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The Journal of SPORT

Abstract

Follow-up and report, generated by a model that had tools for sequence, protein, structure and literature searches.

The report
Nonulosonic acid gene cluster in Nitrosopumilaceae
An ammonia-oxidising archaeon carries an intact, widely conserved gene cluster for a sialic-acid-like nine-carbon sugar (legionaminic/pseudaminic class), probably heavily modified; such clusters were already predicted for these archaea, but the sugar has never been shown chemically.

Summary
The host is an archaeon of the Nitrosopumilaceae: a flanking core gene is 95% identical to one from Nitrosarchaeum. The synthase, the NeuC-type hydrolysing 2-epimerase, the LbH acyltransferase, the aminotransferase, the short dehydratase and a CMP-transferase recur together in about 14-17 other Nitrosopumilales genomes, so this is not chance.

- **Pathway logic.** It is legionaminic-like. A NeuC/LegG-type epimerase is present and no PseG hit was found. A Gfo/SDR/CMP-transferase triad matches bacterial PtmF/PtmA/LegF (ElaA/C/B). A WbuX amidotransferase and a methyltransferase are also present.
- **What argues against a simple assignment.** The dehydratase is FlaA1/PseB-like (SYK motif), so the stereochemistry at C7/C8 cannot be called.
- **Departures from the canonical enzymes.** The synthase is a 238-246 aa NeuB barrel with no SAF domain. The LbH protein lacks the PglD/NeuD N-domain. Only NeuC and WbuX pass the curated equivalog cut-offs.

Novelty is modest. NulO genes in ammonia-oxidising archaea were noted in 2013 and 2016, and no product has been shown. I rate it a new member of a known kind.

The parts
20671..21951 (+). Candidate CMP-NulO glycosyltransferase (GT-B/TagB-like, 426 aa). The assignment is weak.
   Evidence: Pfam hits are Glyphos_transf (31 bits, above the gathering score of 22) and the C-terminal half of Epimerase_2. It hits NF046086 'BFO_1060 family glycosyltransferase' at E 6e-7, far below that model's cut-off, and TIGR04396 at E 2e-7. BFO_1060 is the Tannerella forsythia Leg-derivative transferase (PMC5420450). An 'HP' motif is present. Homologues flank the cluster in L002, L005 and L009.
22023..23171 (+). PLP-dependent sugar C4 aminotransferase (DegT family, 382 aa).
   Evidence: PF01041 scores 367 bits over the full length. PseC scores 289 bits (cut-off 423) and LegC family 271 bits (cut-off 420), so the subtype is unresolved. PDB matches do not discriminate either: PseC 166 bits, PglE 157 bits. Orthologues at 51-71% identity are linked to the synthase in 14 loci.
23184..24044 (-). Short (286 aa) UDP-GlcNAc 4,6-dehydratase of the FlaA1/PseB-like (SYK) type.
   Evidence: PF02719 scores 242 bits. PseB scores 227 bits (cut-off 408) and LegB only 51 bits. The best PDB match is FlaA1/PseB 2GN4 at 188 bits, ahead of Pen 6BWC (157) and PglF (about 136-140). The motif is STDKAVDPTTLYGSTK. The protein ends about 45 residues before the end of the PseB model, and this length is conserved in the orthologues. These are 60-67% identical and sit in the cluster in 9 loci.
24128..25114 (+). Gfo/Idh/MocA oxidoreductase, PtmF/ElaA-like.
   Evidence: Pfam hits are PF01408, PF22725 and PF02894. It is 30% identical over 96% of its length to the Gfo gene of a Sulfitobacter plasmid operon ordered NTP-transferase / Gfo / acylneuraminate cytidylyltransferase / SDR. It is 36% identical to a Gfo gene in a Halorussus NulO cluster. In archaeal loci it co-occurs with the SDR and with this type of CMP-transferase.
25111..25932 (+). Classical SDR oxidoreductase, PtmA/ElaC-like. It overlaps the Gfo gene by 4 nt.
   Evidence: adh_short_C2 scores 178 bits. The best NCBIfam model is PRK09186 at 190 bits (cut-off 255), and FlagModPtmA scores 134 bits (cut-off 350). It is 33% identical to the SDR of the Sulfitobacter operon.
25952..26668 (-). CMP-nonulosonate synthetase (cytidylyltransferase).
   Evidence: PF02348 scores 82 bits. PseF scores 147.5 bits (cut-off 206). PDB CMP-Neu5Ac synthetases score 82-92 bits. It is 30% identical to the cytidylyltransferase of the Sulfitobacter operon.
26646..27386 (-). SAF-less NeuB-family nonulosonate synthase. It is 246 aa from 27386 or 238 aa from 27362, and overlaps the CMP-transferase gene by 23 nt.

Grounded in the dichotomous achievement goal framework, this study examined the utility of achievement goal orientations to predict sport involvement and perceived benefits (social, intellectual, and fitness) associated with participation in three college recreational sport programs: group fitness, intramural sport, and sport clubs. A questionnaire, based on the Task and Ego Orientation in Sport Questionnaire (TEOSQ) and Quality and Importance of Recreational Services (QIRS) perceived benefit scale, was administered to recreational sport participants (n = 1,564) at a single institution. A mixture model was proposed and tested, for which task orientation was found to positively predict sport involvement and perceived benefits of involvement, while ego orientation only predicted sport involvement. Sport involvement was found to positively predict perceived benefits of involvement. Implications for sport practitioners include task goal orientation enhancement within sport offerings and increased involvement opportunities, while theoretical implications can guide future achievement goal research within the sport domain.

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